4 Deficits in attention, reasoning, working memory, academics, communications and coordination caused by AD/HD and co-existing disabilities can affect a person s ability to perform self-care activities at home, in the community, and at work. These deficits may include problems with reasoning, processing and cognition that may cause an individual to repeatedly make poor decisions about basic necessities of life and frequently engage in dangerous activities without considering possible consequences; academic deficits, particularly in rote learning subjects requiring executive functioning skills, that may severely limit an individual in the management of finances and in self-care activities that require following written directions; language deficits that may cause an individual serious difficulties in carrying out basic everyday functions such as shopping and banking that involve communication with others; memory deficits that may lead to forgetting to observe job-related safety precautions or to take prescribed medications at the designated intervals; reduced response times resulting in accident proneness; and attention deficits that heighten distractibility, as well as behavioral deficits such as impulsive and/or explosive behaviors or the apparent disregard for rules and safety procedures that may result in accidents. LEARNING (INCLUDING RECEPTIVE AND EXPRESSIVE LANGUAGE) The CDC estimates that as many as 50 percent of children aged 6-11 who have been identified with AD/HD also have learning disabilities, including deficits in receptive and expressive language as well as significant difficulties in learning, especially as it relates to skills requiring executive functioning. 10
5 For individuals with AD/HD, 30 percent or more will repeat a grade, up to 46 percent will be suspended from school, between percent will be expelled from school, and percent fail to graduate from high school. 11 Receptive communication problems in school and work environments include difficulties with following oral and written instructions, interpreting written materials (particularly job manuals, work orders, diagrams and signs), understanding complex sentences and/or language subtleties, completing job applications, learning new tasks or procedures from written materials or verbal instructions, remembering information (especially multi-step directions), and differentiating important information from unimportant information. Sixty percent or more of individuals with AD/HD will have poor handwriting and therefore the inability to prepare a written report or letter due to spelling, grammatical, or organizational difficulties. 12 They also demonstrate a lack of organized development and focus in describing a topic; inadequately describe skills, work, and educational experiences on a job application or during employment interviews; and are unable to repeat or relay instructions to coworkers and others. MOBILITY Upwards of 47 percent of children with AD/HD meet the diagnostic criteria for having a Developmental Coordination Disorder. 13 Furthermore, children with AD/HD are more likely to experience injuries due to accidents. Mobility may also be impacted by reading problems that interfere with one s ability to read a bus or train schedule, to determine how to transfer, or to read road signs and maps. Calculation and number concept problems may interfere with the ability to pay for public transportation or budget for transportation. Spatial orientation and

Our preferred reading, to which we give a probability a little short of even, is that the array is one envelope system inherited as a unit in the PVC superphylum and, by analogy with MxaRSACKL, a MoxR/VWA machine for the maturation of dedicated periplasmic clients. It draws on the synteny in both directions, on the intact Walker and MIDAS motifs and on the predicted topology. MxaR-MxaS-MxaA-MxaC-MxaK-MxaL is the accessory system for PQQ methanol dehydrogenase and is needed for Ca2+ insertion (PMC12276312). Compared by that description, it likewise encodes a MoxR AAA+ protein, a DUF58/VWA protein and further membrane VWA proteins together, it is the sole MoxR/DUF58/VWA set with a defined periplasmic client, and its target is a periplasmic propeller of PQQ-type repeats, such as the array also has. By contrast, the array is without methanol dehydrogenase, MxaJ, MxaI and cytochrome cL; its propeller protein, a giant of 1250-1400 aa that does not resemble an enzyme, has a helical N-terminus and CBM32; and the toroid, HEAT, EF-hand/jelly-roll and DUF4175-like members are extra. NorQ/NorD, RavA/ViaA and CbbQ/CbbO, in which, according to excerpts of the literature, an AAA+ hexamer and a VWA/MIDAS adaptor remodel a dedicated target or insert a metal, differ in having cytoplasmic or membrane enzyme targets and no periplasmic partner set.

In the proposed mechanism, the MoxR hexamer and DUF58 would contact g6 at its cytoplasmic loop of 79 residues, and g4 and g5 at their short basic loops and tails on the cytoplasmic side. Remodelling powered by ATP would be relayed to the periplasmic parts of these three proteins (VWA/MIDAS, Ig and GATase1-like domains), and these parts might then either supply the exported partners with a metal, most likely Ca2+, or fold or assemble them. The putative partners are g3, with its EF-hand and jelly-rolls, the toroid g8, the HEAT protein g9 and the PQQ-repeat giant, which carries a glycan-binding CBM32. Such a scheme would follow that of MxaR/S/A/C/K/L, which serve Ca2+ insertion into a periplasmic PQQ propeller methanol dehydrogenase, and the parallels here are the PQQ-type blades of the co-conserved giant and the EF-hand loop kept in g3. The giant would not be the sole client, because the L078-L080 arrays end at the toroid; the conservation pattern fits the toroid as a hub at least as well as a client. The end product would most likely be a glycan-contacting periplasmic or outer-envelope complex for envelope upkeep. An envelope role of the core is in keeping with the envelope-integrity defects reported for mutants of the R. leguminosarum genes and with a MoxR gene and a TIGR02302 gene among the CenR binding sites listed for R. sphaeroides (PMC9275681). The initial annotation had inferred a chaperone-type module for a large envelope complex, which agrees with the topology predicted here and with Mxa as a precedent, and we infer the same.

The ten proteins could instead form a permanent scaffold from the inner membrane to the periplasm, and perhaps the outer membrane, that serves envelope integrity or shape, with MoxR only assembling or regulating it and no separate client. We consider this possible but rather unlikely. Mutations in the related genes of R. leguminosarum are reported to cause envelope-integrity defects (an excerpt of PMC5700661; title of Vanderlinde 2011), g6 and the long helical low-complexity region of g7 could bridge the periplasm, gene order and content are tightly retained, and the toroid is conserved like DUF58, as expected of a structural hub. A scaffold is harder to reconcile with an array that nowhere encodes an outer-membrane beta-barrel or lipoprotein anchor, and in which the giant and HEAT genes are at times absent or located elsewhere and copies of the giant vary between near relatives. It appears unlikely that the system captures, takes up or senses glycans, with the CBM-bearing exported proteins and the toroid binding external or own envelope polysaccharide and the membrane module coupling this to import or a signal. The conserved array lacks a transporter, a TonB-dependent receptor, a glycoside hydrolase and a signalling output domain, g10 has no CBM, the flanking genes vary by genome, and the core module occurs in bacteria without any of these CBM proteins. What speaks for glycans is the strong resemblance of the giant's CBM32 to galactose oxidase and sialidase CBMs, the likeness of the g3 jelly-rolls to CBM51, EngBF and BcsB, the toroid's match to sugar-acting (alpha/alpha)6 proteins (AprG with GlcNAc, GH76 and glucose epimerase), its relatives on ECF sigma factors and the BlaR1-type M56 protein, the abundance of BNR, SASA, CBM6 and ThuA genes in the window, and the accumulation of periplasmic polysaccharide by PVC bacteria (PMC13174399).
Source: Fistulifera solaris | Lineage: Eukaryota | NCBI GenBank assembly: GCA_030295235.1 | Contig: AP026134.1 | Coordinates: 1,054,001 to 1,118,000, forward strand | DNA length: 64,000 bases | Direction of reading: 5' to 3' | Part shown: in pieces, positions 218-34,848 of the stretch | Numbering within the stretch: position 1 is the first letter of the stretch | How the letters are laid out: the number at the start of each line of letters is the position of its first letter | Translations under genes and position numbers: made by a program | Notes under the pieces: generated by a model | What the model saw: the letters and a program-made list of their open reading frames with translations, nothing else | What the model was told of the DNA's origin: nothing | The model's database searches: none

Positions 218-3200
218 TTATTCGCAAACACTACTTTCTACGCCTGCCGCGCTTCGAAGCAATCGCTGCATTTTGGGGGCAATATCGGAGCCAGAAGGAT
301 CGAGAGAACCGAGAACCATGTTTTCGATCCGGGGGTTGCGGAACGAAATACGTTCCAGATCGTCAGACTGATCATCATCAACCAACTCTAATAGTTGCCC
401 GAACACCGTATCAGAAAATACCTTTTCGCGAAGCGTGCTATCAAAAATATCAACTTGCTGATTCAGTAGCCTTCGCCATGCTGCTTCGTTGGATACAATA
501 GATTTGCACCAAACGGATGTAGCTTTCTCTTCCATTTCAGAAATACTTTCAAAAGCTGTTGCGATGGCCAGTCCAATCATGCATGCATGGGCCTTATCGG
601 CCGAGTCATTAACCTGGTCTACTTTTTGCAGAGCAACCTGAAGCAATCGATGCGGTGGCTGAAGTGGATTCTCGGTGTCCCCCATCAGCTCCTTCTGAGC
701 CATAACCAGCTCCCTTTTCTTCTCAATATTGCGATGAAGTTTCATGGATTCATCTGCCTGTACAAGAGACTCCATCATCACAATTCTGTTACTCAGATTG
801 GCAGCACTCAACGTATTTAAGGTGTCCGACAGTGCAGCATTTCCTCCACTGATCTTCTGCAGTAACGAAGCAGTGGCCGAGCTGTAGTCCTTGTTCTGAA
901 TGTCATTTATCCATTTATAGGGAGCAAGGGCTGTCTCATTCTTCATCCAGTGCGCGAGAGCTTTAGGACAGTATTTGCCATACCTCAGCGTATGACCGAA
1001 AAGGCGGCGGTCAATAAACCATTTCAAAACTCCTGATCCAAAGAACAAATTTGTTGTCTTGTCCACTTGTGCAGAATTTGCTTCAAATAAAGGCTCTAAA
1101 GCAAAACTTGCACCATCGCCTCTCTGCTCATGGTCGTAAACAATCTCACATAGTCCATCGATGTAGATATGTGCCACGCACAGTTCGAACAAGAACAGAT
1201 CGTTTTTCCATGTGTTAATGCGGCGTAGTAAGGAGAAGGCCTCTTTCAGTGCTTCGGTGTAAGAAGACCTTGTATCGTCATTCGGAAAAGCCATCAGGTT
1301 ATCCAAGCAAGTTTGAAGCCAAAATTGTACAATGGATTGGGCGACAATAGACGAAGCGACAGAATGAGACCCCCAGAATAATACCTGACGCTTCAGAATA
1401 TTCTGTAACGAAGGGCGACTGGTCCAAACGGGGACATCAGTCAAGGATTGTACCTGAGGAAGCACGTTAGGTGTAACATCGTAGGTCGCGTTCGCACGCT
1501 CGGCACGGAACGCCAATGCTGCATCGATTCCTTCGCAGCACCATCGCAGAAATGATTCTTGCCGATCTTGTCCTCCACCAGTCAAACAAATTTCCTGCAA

6 perceptual problems influencing directional sense may result in frequently getting lost and an inability to navigate within the environment, be it travelling within the community or finding one s way around the inside of a building or complex. Time-sense deficits may result in chronic lateness or serious problems in planning and/or comprehending public transportation schedules. Directional confusion may also pose significant safety problems because of difficulties in the integration of visual information. Limitations in organization, sequencing, and planning that result from deficits in attention and higher-level conceptual deficits may preclude an individual s ability to make arrangements for transportation, particularly if these involve modification of simple routines, one or more transfers, or coordination of connections. Problems with comprehension or attention may result in errors, such as taking the wrong bus or getting off at the wrong stop, consistently taking wrong turns while driving, and/or accident proneness. 14 Memory difficulties may interfere with the individual s ability to navigate due to the inability to recall landmarks and directions. And coexisting language deficits or learning disabilities may interfere with the ability to understand spoken directions. SELF-DIRECTION Self-direction describes the capacity to organize, structure, and manage activities in a manner that best serves the objectives of the individual. Adequate self-direction requires that an individual be able to plan, initiate and monitor behavior with respect to an identified outcome. Such functions require the mobilization of cognitive and physical resources, including the abilities to organize, structure, and plan appropriate approaches to achieve necessary tasks and to do problem-solving. These executive functions are frequently limited by those with AD/HD.